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"The Catholic Imagination and You"

We at Catholic are pleased to announce the "The Catholic Imagination and You" weekly column.  

The world is charge with the grandeur of God.

—Gerard Manley Hopkins

We begin the new weekly column “The Catholic Imagination and You” by taking our inspiration from one of the great poets, Gerard Manley Hopkins; the great artist Giovanni Lorenzo Bernini (who carved Ecstasy of St. Teresa); and the mystic and writer St. Teresa herself. We propose that the Catholic imagination is what sets apart the Catholic artist, writer and reader from the naturalist or secularist. God and the Catholic faith illuminate a Catholic artist’s imagination in much the same way that a candle will shed its light in the recess of darkness.

The Catholic imagination for the artist brings alive what we, as Catholics know to be the Truth: The living God is among us in the world. His presence serves as an

inspiration for great artistic achievement and beauty. Through the Catholic imagination, the Catholic artist depicts concretely in fine art, sculpture, poetry, and literature those hallowed and epiphanic moments of God’s grace, which come unbidden to every soul.

The Catholic artist and writer live in a larger universe – a universe of the temporal and the divine. As the great Catholic writer Flannery O’Connor so clearly states in one of her essays on writing, “ . . . [T]he chief difference between a novelist who is an orthodox Christian and the novelist who is merely a naturalist is that the Christian novelist lives in a larger universe. He believes that the natural world contains the supernatural.”

O’Connor is echoing the sentiment Hamlet expresses to his friend Horatio:

"There are more things in heaven and earth, Horatio, than are dreamt of in your philosophy."

We Catholics understand that everything in this world is not as it appears – that there is a depth of meaning that the philosopher taps through reason, the theologian taps through faith and reason, and the fiction writer taps through faith, reason and the imitative act of the imagination. We know God is acting in the world around us. He walks every day in “the garden of the world.” Rather than hiding as our first parents did when God called to them, Catholic writers go out to greet God with their art and bring Him into the works they create.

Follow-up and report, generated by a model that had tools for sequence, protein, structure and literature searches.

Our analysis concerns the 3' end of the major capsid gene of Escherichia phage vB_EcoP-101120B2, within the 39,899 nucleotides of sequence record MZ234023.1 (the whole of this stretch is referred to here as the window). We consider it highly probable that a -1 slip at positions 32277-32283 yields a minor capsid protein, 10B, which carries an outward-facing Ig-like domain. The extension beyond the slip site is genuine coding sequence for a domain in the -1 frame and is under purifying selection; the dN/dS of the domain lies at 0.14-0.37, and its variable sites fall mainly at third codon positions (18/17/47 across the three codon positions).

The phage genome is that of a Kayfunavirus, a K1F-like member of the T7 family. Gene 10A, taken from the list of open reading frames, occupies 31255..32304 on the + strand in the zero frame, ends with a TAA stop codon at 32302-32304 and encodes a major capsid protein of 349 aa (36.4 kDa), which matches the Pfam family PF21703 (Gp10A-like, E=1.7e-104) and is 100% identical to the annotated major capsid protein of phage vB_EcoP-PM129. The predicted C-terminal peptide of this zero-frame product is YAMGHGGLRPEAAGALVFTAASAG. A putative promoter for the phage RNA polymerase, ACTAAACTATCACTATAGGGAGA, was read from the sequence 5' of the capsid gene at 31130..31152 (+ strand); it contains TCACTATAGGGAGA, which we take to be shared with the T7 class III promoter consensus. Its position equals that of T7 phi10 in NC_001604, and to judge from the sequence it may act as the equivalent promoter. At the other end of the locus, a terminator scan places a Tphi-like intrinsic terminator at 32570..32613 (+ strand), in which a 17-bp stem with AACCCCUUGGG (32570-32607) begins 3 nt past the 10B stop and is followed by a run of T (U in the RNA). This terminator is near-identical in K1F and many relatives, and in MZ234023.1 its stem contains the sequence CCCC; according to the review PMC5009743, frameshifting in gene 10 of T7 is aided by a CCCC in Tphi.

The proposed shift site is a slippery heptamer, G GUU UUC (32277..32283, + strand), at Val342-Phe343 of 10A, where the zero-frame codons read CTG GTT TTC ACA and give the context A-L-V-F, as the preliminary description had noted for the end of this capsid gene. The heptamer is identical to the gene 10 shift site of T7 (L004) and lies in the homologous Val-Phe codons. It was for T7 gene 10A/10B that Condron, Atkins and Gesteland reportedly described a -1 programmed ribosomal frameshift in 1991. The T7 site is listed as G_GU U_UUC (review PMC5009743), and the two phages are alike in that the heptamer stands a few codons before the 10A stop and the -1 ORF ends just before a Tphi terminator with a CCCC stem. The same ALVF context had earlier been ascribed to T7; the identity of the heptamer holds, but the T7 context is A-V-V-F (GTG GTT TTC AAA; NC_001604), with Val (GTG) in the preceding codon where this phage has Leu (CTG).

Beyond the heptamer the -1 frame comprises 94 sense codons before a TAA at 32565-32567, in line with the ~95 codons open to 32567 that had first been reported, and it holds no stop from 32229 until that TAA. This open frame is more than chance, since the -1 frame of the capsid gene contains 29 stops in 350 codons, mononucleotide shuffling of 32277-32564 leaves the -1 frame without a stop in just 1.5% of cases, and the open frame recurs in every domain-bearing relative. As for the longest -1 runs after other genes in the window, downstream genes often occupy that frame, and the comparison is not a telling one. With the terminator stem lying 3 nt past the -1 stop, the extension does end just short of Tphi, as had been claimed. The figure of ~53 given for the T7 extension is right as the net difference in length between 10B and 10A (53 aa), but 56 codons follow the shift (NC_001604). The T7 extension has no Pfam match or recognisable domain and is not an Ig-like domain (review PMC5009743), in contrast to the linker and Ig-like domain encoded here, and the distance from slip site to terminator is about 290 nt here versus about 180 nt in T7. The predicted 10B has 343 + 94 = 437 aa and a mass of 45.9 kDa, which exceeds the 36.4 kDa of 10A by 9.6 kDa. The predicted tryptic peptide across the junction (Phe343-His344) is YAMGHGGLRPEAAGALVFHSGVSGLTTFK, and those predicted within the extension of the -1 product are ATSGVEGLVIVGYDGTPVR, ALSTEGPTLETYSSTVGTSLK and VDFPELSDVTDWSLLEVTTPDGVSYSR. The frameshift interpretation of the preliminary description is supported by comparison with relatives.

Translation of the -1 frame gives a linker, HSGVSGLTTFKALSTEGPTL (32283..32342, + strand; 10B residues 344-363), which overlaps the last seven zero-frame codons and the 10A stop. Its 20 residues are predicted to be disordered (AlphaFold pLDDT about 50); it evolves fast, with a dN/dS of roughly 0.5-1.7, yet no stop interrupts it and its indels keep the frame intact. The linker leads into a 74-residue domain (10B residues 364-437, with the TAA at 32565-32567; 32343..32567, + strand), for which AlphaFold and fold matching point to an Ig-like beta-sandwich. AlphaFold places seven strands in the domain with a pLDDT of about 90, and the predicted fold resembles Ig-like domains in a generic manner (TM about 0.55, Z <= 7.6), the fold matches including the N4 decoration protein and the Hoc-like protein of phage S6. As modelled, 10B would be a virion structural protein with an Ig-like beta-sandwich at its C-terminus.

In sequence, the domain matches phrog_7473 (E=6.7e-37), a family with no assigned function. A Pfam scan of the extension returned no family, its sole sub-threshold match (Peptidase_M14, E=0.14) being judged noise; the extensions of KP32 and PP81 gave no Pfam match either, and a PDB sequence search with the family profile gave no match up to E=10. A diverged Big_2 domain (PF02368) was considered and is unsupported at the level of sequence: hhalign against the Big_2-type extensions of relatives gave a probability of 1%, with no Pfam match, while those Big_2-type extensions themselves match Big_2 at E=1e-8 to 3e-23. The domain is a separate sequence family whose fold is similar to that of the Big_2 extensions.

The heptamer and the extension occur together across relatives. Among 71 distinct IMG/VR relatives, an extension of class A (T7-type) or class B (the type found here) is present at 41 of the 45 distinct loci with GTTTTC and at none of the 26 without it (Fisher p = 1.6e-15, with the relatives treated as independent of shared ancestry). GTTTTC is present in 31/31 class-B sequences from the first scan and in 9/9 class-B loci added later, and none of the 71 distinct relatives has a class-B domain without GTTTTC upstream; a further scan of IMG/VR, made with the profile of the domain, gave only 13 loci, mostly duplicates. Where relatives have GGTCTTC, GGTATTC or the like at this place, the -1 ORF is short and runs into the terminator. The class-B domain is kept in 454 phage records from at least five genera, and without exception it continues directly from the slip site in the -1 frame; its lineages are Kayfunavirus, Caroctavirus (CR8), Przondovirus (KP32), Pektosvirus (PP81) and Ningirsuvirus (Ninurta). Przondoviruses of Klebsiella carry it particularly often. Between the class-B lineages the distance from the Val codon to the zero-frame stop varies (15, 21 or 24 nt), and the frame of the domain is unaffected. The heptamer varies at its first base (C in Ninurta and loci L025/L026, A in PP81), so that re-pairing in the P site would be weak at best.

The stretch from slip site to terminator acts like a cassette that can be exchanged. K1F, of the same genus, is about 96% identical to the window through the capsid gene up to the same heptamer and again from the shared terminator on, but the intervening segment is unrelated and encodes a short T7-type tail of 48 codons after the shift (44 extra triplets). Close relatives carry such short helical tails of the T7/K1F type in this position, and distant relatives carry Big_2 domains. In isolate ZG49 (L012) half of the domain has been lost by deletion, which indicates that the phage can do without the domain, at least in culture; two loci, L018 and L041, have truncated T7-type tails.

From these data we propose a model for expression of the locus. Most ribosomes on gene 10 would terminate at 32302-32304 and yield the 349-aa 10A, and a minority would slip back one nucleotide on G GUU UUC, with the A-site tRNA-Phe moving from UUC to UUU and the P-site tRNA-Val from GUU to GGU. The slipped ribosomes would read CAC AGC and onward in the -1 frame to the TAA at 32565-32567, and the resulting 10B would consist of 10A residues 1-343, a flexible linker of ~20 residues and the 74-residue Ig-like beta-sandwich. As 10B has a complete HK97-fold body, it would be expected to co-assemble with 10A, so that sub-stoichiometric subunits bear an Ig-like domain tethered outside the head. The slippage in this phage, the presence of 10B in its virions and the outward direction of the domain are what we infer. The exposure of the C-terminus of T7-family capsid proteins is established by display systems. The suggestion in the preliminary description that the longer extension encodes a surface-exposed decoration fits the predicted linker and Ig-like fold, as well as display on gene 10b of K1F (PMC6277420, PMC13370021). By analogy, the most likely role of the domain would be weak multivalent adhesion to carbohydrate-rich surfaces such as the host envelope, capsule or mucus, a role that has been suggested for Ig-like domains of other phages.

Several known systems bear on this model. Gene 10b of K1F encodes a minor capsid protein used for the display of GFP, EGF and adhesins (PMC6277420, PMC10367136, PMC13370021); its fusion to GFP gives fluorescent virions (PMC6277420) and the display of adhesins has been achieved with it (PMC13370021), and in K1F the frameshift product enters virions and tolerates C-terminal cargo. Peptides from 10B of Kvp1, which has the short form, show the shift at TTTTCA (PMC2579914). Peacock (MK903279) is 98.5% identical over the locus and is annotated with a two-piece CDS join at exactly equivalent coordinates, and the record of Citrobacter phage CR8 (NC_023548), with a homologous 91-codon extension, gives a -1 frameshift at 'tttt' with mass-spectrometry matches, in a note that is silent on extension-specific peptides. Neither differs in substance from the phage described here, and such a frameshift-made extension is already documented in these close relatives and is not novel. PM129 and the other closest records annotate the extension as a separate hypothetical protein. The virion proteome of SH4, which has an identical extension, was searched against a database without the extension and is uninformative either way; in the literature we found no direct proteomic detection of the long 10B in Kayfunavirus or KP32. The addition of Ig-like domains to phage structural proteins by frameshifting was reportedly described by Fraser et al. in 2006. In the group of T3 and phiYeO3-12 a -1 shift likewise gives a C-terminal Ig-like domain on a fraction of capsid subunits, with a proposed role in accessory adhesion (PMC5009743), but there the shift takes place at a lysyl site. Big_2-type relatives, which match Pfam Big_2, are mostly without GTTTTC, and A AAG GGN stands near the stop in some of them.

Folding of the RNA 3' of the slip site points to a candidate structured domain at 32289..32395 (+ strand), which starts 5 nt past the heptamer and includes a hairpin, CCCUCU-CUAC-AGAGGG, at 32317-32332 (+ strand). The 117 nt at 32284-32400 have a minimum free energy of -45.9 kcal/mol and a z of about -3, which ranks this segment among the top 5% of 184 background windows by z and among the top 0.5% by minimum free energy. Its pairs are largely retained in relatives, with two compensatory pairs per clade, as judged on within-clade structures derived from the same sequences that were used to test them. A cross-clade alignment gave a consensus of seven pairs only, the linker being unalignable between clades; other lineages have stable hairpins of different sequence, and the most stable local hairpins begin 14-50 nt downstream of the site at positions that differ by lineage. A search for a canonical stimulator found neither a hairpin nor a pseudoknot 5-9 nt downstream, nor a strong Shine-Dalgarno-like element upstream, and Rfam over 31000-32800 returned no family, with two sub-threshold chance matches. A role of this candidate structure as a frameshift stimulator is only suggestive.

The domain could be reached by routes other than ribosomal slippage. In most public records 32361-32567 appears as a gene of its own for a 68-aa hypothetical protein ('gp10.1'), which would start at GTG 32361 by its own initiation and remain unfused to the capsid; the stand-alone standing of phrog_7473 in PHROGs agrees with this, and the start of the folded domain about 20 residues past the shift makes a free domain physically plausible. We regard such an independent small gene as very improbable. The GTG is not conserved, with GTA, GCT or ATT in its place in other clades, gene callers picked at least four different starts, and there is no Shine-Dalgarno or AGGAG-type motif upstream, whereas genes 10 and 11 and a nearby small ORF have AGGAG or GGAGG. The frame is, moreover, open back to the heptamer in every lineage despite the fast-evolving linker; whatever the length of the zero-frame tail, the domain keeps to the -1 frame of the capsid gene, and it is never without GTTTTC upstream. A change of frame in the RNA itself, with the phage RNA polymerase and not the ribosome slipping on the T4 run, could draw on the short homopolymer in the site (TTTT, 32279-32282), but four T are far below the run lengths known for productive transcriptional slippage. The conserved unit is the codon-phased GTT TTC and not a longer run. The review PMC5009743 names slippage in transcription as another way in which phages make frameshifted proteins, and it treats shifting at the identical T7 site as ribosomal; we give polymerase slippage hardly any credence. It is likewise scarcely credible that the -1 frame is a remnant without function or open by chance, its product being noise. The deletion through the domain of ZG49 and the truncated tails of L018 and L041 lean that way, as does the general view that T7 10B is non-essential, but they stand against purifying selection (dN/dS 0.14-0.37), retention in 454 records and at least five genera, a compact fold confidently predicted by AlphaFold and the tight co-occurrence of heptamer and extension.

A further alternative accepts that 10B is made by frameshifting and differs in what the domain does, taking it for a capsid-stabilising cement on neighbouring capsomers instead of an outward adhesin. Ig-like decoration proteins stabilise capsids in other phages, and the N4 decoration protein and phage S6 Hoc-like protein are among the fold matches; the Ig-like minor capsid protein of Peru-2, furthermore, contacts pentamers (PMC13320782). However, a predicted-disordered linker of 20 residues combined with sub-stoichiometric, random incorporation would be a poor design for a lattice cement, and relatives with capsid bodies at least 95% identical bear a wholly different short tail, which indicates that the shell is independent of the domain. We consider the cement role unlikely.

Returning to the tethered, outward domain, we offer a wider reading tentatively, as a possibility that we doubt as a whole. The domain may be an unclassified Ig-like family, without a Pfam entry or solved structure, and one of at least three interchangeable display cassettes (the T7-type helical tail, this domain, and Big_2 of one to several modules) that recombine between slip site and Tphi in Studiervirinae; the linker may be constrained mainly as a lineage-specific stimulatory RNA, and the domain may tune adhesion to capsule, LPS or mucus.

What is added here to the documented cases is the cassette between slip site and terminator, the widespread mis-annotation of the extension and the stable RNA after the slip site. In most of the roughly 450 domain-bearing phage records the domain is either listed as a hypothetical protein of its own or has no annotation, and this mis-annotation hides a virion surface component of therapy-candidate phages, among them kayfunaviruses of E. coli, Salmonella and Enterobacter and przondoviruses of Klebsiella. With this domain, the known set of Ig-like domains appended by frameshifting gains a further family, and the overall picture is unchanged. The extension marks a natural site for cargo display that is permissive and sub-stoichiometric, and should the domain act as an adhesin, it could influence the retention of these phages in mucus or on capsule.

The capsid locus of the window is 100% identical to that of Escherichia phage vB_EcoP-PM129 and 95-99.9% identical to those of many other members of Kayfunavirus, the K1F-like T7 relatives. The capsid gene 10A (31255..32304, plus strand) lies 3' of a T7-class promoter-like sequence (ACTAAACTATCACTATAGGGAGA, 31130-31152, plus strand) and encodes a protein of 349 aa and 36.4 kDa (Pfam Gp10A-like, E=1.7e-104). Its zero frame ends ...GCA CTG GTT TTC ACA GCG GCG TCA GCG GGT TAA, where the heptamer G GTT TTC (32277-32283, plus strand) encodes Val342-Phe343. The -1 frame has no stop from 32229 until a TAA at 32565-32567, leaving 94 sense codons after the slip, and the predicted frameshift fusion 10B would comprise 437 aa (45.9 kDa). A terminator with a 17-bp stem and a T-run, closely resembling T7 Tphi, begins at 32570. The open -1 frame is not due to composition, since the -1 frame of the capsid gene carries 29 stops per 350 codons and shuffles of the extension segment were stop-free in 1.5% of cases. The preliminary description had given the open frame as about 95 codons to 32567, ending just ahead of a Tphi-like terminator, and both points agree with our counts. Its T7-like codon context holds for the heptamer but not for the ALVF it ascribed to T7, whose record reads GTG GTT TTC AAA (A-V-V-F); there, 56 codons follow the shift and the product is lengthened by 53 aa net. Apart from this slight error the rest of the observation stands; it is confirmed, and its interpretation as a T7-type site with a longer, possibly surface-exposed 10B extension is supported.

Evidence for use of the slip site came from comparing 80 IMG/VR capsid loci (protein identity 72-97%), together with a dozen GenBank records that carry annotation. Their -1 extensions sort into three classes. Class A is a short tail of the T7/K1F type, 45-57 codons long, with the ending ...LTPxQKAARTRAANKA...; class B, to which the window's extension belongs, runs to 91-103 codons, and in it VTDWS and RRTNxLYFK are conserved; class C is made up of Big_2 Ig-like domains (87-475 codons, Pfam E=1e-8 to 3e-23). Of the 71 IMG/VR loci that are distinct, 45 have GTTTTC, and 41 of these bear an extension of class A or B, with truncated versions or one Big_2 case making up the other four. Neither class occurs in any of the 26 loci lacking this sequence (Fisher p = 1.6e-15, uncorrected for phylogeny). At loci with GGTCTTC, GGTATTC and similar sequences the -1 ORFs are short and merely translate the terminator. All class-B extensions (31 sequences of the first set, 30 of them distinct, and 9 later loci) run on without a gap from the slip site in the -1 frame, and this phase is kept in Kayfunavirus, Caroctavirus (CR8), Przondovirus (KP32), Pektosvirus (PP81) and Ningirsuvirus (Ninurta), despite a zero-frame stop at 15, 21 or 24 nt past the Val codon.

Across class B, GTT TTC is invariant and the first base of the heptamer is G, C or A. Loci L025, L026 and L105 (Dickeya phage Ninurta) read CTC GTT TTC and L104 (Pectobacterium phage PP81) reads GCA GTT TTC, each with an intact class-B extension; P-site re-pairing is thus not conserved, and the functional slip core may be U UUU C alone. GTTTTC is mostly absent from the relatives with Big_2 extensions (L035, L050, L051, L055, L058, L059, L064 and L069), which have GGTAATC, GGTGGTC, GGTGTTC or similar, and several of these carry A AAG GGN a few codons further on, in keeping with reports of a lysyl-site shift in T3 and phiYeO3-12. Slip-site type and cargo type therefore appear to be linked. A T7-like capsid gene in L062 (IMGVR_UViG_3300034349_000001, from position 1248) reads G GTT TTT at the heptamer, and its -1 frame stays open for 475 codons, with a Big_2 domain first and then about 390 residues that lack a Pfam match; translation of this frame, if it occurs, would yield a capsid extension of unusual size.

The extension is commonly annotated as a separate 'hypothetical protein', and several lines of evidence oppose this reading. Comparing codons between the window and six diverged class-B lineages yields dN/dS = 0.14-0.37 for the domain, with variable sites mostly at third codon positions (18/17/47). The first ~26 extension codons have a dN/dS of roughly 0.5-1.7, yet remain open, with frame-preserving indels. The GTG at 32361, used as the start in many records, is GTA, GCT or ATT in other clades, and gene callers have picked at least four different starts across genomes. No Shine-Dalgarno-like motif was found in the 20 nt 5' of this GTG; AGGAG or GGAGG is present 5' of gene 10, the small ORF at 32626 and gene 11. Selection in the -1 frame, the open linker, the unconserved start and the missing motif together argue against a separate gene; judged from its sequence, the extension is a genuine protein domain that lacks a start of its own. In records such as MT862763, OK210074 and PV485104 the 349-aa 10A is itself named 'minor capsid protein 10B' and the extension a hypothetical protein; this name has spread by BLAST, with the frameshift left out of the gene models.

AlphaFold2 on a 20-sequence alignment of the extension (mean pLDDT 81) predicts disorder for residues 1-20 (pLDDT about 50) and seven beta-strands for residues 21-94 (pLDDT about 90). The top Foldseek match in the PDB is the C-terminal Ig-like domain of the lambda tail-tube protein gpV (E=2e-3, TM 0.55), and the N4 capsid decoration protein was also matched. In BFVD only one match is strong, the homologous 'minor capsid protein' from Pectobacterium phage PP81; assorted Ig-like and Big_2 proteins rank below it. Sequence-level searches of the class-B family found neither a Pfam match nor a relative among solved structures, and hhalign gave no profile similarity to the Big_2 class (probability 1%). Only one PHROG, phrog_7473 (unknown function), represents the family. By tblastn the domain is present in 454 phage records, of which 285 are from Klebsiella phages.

If you are a writer or artist, how does the Catholic imagination inspire you?

Or, if you’re a reader (like us) and consider yourself a patron of art, we’d like to know your perspective. How does the Catholic imagination affect you personally?

We are opening up this column to everyone. Please consider writing a piece on the Catholic imagination.

Perhaps you have an original take on the Catholic imagination. Some insight into the process of composition or the imitative act by which the writer, poet and painter produces art.

You may consider reflecting on the words of some great Catholic artist. Flannery O’Connor, Walker Percy, Graham Green, J.R.R. Tolkien and T.S. Eliot, among others, who have important things to say in both their creative works and their critical works about this topic.

Another suggestion, consider highlighting some classical artist – Homer, Shakespeare, Jane Austen, Rembrandt, Michelangelo, etc. – and bring these great masters into the conversation, pointing out how what they’ve created for the ages might relate to this same illuminating principle we call the Catholic imagination.

Help us bring alive the Catholic imagination to the readers of Catholic, Ink. We look forward to reading your words and, through them, inspiring readers, writers and artists.

Please e-mail your column (500 to 2,500 words) to Joseph O'Brien at:

Faith and Fiction

In addition, we are responding to the readership interest and conversation that Paul Elie, Gregory Wolfe and Dana Gioia have been conducting on Faith and Fiction.  It all began with Paul Elie, formerly of Farrar, Straus and Giroux and presently at Georgetown University.  He wrote the cover story on the New York Times  Book Review section, Has Fiction Lost Its Faith. Please see here:  Has Fiction Lost Its FaithHe basically argues that fiction has lost its faith.


Gregory Wolfe, of Image Magazine, responded in the Wall Street Journal stating that fiction had not lost its faith, it whispers.  Please see here: Whispers of Faith in the Postmodern World.




Dana Gioia, poet and former chair of the National Endowment of the Arts added to the conversation by diagonosing the present situation of the Catholic writer today in First Things magazine. It is the most comprehensive and accurate description of what has happened to the Catholic writer over the last 50 years.  Please see here for The Catholic Writer Today by Dana Gioia.  

The three articles are a must read for any writer or reader interested in the topis of Faith and Fiction.

All three writers and more have provided their opinion on the Faith and Fiction and continue to do so. We are asking you to share your thoughts on Faith and Fiction.

Please send us a column.  

1.) Between 500 and 2,500 words.

2.) Prompts:  

What is Faith and Fiction?  How does the Catholic Imagination work in fiction? Is there a Sacramental View?  What is the Catholic Perspective?   or write a response to the articles.

3.) Posted on:  Catholic, Tuscany Press Blog, Catholic, Ink. - newsletter, Facebook - Catholic & Tuscany Press, plus Twitter

Please send your column to Joseph O'Brien at:

The more we receive the more we will publish.

We look forward to reading your columns,


Peter J. Mongeau


Tuscany Press & Catholic

Catholic, Ink.

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Catholic, Ink.

Be part of the Catholic Literary Revival

Sign-up for this free weekly e-newsletter and receive the free article - "What is Catholic Fiction?" Read the weekly column The Catholic Imagination and You and more.